3. Miami falling back to earth. We all saw the warning signs that Miami was not as good as its ranking when it struggled to beat North Carolina and Wake Forest in back-to-back weeks. Now the Canes are back to reality after consecutive losses to Florida State and Virginia Tech. Miami was able to get away with turnovers early in the season, but the Hokies made them pay for their mistakes. Two early fumbles on special teams led directly to 14 Virginia Tech points, and Miami could never seem to recover. Perhaps most disheartening for Miami -- the loss was the worst defensive performance of the season, against an offense that ranks among the worst in the nation. The Hokies scored more points and gained more yards on the Canes than the Noles did last week. Miami has given up 400 yards or more in four of its last five games. And the run game without Duke Johnson? Miami ended up with 28 yards rushing, its lowest total since gaining 29 against Florida State last year.

4. Breakthrough win for Pitt. It was easy to doubt the Panthers heading into their game against Notre Dame. They entered the contest off back-to-back losses, and their run game was nearly nonexistent. But something about the Irish brings out the best in Pitt, which came oh-so-close to pulling the upset in each of the previous two seasons. Well, the Panthers finally broke through Saturday night, forcing three turnovers and getting inspired play from their offensive line and Tom Savage in a 28-21 win. It certainly helped Pitt's cause that Notre Dame's Stephon Tuitt was ejected on a questionable targeting call early in the game, further depleting an injury-riddled group. But Pitt earned this win. The Panthers moved one victory away from bowl eligibility and gave coach Paul Chryst victories over ranked teams in consecutive seasons.

5. Bowl mania. Six teams are already bowl eligible, but the ACC could have as many as 11 by the time the season ends. Four teams have five wins: Maryland, Syracuse, Pitt and Boston College. North Carolina has four wins but has won three straight after a 1-5 start and is now in contention to get to six. How did the ACC get here? Syracuse once again used its power run game in a 20-3 win over Maryland, winning its second straight contest. Boston College also used its power run game to win a tricky contest over New Mexico State. We know what Pitt did Saturday. Interestingly enough, Maryland might have the worst chance of becoming bowl eligible out of this group. While North Carolina is on an upswing, the Terps have lost three straight following a 5-1 start with games remaining against Virginia Tech, Boston College and NC State. There are winnable games in that bunch, but not if Maryland commits four turnovers the way it did against Syracuse. Key injuries on both offense and defense have severely hampered this squad.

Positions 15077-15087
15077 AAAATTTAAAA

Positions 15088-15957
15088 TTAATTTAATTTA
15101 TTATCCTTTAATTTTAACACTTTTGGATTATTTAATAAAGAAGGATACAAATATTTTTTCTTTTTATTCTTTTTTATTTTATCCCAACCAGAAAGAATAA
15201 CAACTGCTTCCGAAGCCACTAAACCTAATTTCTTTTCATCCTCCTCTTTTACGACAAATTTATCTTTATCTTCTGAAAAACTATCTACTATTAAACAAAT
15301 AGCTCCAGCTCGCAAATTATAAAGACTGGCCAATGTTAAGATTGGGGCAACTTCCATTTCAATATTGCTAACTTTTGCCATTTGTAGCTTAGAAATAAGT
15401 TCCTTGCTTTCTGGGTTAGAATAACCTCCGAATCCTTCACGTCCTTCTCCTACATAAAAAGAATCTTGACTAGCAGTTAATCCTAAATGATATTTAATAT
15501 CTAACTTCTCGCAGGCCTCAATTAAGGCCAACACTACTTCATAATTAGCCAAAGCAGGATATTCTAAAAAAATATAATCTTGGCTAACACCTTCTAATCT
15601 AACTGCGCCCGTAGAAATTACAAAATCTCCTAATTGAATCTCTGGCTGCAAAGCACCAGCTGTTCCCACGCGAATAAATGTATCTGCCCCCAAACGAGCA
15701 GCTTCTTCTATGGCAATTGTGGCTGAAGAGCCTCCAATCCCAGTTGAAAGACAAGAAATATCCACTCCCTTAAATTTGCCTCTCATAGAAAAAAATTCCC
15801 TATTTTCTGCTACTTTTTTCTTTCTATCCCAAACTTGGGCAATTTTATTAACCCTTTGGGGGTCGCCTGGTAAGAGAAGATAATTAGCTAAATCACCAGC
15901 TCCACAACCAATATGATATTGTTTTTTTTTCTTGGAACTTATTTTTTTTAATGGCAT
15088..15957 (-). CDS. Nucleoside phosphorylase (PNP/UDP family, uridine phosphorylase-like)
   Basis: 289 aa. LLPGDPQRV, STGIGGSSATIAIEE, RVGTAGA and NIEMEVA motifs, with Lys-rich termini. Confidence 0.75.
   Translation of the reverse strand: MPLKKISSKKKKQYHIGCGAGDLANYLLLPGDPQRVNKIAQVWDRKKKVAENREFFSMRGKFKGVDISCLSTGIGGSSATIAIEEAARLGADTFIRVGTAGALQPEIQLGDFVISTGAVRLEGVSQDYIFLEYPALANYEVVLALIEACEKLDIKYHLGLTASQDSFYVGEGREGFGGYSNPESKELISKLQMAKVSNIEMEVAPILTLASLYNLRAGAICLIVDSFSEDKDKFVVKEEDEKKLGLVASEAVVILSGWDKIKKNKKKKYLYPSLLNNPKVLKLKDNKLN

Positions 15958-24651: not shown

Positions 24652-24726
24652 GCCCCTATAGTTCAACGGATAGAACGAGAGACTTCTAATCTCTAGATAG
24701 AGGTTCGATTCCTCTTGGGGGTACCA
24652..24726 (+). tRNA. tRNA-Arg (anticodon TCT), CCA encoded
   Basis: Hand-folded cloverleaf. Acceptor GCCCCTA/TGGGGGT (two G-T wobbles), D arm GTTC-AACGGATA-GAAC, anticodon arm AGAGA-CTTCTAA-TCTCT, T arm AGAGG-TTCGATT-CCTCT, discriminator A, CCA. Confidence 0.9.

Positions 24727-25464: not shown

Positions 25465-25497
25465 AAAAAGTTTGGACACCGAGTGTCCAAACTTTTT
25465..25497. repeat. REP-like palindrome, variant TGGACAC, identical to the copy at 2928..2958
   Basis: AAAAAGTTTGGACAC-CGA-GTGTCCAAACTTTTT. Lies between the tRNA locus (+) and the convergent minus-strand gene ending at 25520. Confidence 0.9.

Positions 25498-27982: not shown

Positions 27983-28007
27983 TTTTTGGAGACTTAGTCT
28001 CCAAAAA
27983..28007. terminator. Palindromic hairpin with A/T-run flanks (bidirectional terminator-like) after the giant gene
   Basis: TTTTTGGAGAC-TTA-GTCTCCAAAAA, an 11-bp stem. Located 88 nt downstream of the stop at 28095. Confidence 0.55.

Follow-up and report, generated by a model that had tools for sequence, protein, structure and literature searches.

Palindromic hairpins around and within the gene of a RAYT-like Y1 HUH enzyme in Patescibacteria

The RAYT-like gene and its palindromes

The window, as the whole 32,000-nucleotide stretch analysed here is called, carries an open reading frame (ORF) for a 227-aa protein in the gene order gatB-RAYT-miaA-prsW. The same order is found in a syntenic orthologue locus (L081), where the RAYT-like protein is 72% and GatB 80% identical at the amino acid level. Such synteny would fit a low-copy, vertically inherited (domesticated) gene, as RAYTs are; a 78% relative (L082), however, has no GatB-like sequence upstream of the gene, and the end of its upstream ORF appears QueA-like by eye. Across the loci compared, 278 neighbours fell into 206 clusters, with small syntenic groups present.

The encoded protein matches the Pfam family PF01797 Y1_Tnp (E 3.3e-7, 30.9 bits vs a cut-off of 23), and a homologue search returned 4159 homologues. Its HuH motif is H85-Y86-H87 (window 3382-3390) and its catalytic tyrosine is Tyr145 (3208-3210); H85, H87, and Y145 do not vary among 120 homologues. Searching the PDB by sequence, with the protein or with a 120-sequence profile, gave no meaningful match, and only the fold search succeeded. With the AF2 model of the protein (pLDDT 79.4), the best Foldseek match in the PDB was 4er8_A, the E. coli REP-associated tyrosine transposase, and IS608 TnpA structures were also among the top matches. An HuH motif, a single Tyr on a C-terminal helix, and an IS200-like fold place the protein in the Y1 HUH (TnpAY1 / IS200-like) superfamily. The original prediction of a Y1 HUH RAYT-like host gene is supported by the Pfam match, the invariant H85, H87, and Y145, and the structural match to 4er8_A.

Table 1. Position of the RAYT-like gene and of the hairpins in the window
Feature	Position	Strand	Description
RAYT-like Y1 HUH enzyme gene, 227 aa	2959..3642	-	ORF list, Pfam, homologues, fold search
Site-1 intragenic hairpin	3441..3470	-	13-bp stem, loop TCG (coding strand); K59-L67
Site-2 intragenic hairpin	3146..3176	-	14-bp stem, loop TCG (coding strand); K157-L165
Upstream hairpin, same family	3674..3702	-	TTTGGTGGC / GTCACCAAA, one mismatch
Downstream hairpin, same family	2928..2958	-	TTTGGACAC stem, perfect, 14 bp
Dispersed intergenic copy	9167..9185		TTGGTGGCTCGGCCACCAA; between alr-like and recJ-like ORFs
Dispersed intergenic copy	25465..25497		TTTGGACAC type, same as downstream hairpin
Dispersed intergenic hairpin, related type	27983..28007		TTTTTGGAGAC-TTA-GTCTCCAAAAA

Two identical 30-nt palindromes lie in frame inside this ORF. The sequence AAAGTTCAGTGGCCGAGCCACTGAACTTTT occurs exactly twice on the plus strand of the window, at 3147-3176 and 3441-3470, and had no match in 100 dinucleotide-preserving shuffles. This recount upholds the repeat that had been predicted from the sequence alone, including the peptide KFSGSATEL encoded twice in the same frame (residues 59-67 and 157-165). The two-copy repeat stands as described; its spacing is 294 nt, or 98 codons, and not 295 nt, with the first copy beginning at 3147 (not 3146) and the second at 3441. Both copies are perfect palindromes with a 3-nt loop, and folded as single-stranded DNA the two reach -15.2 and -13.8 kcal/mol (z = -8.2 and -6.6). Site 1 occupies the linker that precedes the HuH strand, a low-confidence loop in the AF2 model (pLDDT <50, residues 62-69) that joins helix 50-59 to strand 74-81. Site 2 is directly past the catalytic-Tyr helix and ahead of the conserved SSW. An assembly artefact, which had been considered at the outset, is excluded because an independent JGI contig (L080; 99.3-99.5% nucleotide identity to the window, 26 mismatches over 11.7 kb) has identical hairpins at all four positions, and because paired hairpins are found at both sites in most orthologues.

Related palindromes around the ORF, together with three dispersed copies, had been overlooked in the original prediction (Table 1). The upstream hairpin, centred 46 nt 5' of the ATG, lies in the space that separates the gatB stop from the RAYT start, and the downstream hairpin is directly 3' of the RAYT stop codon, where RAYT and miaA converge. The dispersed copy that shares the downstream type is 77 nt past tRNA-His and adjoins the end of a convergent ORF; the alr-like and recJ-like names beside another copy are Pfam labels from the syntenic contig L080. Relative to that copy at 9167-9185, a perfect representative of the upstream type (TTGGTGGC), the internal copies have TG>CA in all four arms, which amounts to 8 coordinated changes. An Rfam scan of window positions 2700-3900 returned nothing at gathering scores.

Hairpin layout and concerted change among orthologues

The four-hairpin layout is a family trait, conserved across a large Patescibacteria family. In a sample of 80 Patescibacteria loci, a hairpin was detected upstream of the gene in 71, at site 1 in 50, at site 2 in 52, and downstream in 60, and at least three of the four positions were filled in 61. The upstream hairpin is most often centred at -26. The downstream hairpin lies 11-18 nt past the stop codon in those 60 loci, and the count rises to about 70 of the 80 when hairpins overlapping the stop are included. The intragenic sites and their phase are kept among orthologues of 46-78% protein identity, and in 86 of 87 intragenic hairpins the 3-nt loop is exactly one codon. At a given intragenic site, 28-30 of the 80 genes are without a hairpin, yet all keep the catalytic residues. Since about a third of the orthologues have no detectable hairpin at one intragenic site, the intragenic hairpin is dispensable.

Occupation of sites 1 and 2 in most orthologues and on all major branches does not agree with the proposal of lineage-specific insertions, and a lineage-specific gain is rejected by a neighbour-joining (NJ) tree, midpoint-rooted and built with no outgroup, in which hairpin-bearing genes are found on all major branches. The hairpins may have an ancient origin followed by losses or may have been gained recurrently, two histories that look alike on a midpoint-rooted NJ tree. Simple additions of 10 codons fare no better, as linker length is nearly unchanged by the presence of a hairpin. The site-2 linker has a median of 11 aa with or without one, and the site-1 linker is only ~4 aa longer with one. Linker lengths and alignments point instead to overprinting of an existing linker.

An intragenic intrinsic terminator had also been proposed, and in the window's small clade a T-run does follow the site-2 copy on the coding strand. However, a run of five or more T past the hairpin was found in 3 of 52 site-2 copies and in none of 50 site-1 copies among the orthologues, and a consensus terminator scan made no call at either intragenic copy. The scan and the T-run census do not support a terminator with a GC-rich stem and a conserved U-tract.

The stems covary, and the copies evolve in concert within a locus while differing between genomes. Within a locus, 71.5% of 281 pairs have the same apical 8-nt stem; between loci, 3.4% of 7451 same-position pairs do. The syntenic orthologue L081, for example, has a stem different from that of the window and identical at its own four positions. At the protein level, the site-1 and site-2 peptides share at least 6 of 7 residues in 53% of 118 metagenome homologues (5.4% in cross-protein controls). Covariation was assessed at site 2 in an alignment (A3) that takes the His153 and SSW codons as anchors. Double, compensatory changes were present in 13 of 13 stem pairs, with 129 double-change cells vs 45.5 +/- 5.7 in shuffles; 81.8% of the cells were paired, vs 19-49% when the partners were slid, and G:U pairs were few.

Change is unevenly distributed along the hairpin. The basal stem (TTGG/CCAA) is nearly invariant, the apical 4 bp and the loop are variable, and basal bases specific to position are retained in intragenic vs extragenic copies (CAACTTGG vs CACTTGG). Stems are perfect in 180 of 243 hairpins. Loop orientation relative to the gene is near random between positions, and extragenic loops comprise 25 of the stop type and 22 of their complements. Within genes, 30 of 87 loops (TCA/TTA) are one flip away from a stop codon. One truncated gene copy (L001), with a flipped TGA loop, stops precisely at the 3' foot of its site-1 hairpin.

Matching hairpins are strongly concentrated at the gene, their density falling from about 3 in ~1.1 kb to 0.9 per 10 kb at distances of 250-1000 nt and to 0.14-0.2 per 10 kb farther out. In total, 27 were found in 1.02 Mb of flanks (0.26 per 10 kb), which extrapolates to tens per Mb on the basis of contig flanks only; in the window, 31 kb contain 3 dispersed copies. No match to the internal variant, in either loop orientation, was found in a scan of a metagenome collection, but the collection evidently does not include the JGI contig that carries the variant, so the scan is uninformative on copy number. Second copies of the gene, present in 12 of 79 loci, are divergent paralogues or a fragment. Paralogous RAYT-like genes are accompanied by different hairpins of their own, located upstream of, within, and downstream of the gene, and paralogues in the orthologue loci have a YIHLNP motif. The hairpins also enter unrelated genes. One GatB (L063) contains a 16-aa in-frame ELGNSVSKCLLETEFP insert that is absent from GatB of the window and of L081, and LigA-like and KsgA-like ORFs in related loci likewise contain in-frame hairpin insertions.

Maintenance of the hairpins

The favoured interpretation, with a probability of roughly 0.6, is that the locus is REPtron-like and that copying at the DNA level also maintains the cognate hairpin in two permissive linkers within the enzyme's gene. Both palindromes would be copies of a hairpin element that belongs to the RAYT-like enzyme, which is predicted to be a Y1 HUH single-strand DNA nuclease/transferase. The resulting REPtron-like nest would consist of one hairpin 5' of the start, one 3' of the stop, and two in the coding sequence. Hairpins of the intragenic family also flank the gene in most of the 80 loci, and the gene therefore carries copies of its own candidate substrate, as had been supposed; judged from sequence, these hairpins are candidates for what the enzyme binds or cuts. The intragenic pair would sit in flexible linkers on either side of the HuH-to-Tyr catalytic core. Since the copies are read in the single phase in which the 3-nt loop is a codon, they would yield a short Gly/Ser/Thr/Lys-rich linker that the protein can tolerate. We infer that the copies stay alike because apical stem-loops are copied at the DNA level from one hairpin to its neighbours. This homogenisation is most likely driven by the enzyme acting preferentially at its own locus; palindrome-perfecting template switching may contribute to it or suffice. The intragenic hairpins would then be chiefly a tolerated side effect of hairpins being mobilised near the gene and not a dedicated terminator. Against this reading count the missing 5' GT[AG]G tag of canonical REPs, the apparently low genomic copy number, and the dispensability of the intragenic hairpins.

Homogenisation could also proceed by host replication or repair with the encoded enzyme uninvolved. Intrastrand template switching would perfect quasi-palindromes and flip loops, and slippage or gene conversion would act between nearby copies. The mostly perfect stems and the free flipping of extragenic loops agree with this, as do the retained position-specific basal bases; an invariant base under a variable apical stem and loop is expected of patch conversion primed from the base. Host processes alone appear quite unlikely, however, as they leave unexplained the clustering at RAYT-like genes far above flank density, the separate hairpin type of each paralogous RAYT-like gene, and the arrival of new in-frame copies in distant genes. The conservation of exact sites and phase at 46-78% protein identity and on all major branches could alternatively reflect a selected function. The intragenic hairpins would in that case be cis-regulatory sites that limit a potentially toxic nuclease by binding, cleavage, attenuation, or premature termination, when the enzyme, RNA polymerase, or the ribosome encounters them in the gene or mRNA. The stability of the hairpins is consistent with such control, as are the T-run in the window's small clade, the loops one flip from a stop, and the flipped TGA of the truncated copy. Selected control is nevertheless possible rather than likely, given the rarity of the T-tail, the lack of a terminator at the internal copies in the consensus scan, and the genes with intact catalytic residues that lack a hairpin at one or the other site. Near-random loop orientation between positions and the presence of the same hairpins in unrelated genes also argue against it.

ACC race update: Week 11

November, 6, 2013
The race in the Atlantic is all but over. The Coastal is a different matter, as four teams remain in serious contention.

  • Florida State (8-0, 6-0) clinches a berth in the ACC championship game with a win against Wake Forest on Saturday. Wins against Wake Forest and Syracuse next week give the Seminoles the outright Atlantic Division title.